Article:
Last edited by ryao; 12-08-2012 at 07:16 PM.

  2. #12

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    Quote Originally Posted by ryao View Post
    It would be interesting to run WINE on top of Darling. Anyway, there are two approaches to running foreign binaries on a system. One is to implement the syscall layer and rely on the foreign operating system's userland to enable it to work (the OS/2 approach). The other is to try to implement both the kernel and userland (the WINE approach). The former was very successful in its time and does not require many resources. The latter is a nightmare.

    I doubt that Darling would result in making Linux into a perfect replacement for Mac OS X, but I think Darling would make Mac OS X development on Linux easier. If Darling can obtain near perfect operation when paired with Mac OS X's actual userland, that would be a nice bonus.
    A reasonable sentiment, but when you take into account that most OSX applications these days are crappy ports of Windows applications that have half of the performance and numerous additional bugs compared to their Windows counterpart, then it really start looking bleak. For example, look at any of the Windows/OSX audio applications, everything from workstations to plugins; they all perform so badly compared to Windows that you actually need that dual socket Xeon configuration just to break even with mainstream quad cores in Windows, presumably due to crappy BSDisms that Mac inherited, as well as general developer apathy to that 5% of their customer base. Had they based OSX on Linux, which is actually scalable and performant, it might have been a different story.

  3. #13
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    Great project, congratulations on the progress you've made.

    To prevent some duplication, here's another project with similar goals (apologies if you've already aware of it):

    https://github.com/shinh/maloader
    http://shinh.skr.jp/slide/ldmac/000.html

    Quote Originally Posted by LubosD View Post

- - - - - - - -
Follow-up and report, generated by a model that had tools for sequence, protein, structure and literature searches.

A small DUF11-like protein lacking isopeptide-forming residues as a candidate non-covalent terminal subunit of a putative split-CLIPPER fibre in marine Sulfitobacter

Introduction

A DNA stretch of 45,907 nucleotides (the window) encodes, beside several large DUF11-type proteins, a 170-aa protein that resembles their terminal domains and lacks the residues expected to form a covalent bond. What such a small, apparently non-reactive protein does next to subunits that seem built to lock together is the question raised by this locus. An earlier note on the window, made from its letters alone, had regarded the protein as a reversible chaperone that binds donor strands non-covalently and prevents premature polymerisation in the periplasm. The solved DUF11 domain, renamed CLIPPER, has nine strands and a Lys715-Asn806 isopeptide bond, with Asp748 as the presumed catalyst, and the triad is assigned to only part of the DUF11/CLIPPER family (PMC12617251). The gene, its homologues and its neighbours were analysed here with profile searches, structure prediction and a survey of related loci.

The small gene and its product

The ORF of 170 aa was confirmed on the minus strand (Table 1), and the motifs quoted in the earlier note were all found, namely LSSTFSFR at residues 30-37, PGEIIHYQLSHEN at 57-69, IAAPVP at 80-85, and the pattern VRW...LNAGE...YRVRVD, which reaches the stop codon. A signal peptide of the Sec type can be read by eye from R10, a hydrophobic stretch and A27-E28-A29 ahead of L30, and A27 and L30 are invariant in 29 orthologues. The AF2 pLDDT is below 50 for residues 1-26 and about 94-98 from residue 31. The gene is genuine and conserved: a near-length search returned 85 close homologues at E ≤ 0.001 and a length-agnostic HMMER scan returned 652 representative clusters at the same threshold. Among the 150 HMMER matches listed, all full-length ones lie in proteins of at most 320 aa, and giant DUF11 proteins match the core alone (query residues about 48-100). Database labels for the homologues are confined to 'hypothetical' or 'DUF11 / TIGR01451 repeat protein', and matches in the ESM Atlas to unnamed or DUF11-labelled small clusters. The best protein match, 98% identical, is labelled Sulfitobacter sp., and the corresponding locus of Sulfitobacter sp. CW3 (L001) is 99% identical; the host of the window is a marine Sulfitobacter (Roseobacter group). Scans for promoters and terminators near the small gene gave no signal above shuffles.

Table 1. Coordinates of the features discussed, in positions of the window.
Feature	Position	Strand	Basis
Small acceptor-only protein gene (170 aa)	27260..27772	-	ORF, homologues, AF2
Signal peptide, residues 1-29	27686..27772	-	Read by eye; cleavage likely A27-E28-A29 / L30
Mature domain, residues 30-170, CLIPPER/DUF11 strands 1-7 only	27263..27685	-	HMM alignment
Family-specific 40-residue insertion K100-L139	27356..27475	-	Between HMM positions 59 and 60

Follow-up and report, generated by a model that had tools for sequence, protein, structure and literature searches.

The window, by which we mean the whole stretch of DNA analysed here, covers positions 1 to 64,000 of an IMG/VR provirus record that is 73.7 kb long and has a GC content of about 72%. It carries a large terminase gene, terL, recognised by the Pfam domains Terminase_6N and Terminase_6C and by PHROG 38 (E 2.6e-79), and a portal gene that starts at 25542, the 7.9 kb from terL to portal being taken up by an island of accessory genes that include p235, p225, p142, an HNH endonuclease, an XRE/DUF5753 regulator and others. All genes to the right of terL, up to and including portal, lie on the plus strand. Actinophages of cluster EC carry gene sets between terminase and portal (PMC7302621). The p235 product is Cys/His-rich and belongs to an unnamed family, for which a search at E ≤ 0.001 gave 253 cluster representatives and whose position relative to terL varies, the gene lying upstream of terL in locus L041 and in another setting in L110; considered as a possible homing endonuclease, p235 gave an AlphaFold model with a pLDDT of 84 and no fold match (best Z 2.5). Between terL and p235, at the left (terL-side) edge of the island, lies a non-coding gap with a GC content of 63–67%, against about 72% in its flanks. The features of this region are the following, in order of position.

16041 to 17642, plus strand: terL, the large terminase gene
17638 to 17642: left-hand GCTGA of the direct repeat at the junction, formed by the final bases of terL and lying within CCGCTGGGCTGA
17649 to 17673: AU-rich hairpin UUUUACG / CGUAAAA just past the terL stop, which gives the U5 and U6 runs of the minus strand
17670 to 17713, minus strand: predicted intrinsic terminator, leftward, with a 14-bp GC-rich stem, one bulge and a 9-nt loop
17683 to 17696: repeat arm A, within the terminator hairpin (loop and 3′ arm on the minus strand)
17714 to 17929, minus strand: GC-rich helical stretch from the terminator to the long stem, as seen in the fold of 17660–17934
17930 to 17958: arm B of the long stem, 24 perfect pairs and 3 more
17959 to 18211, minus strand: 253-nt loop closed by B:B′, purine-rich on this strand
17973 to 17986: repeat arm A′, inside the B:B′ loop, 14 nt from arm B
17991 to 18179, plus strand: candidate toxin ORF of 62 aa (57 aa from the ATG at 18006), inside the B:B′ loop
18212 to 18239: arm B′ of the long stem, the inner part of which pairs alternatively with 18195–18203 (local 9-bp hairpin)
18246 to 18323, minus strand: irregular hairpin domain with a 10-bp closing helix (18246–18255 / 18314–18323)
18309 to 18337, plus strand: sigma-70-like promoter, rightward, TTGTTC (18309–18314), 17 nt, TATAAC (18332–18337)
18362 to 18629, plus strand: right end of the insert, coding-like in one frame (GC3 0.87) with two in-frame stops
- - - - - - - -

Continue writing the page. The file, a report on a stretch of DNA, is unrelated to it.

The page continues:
I started the project in August this year. When working on something of this size, you have to start small. There's just no other way.

    The next big thing (which is quite close by the way) is to have Apple LLVM-GCC fully working. That would basically mean you could compile applications for iOS on other platform than OS X. This is currently not possible. Anybody who wants to do iOS development has to buy a Mac. That sucks big time. iOS is not very popular in this part of Europe, but at least in the US I believe it's still the platform no. 1 for mobile apps.
    I agree that not having cross compilers (for any platform) sucks, but it's not strictly true that there are none for iOS/OSX; there's been a few projects dedicated to making cross compilers for Darwin (xchain, toolchain4, puredarwin and opendarwin). I've adopted, modernised and improved them, forking from javacom's toolchain4:

    Binaries:
    http://mingw-and-ndk.googlecode.com/...-120724.tar.xz
    http://mingw-and-ndk.googlecode.com/...dows-120614.7z

    Source:
    https://github.com/mingwandroid/toolchain4

    Using these you can build both iOS and OSX software using either gcc or llvmgcc on either Linux or Windows. You need to bring your own SDK of course. I've not yet looked into the feasibility of building Darwin libc or any of the other system libs (nor the legality of distributing these). I think there's definitely a gap for the OSX/iOS equivalent of MinGW-w64.

    My build scripts and patches are a bit untidy, I'm currently engaged in an effort to merge this work into crosstool-ng which will force me to clean things up.

    Another project that's fairly closely related is Cocotron, an effort to make open versions of Cocoa for Windows:

    http://www.cocotron.org/

    I've a feeling that with all these bits lying around, something really cool could be cobbled together.

    Ray.

  4. #14
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    Quote Originally Posted by ryao View Post
    It would be interesting to run WINE on top of Darling. Anyway, there are two approaches to running foreign binaries on a system. One is to implement the syscall layer and rely on the foreign operating system's userland to enable it to work (the OS/2 approach). The other is to try to implement both the kernel and userland (the WINE approach). The former was very successful in its time and does not require many resources. The latter is a nightmare.
    This is something I think about every now and then. So far, I'm using the Wine approach.

    There is a problem with the OS/2 approach: unlike what you believe, it requires a *huge* investment of time in developing all the layers, which leads to basically recreating the original system. And that doesn't integrate very well with a Linux (desktop) environment. There will always have to be a line where you stop immitating and start integrating with "standard Linux layers".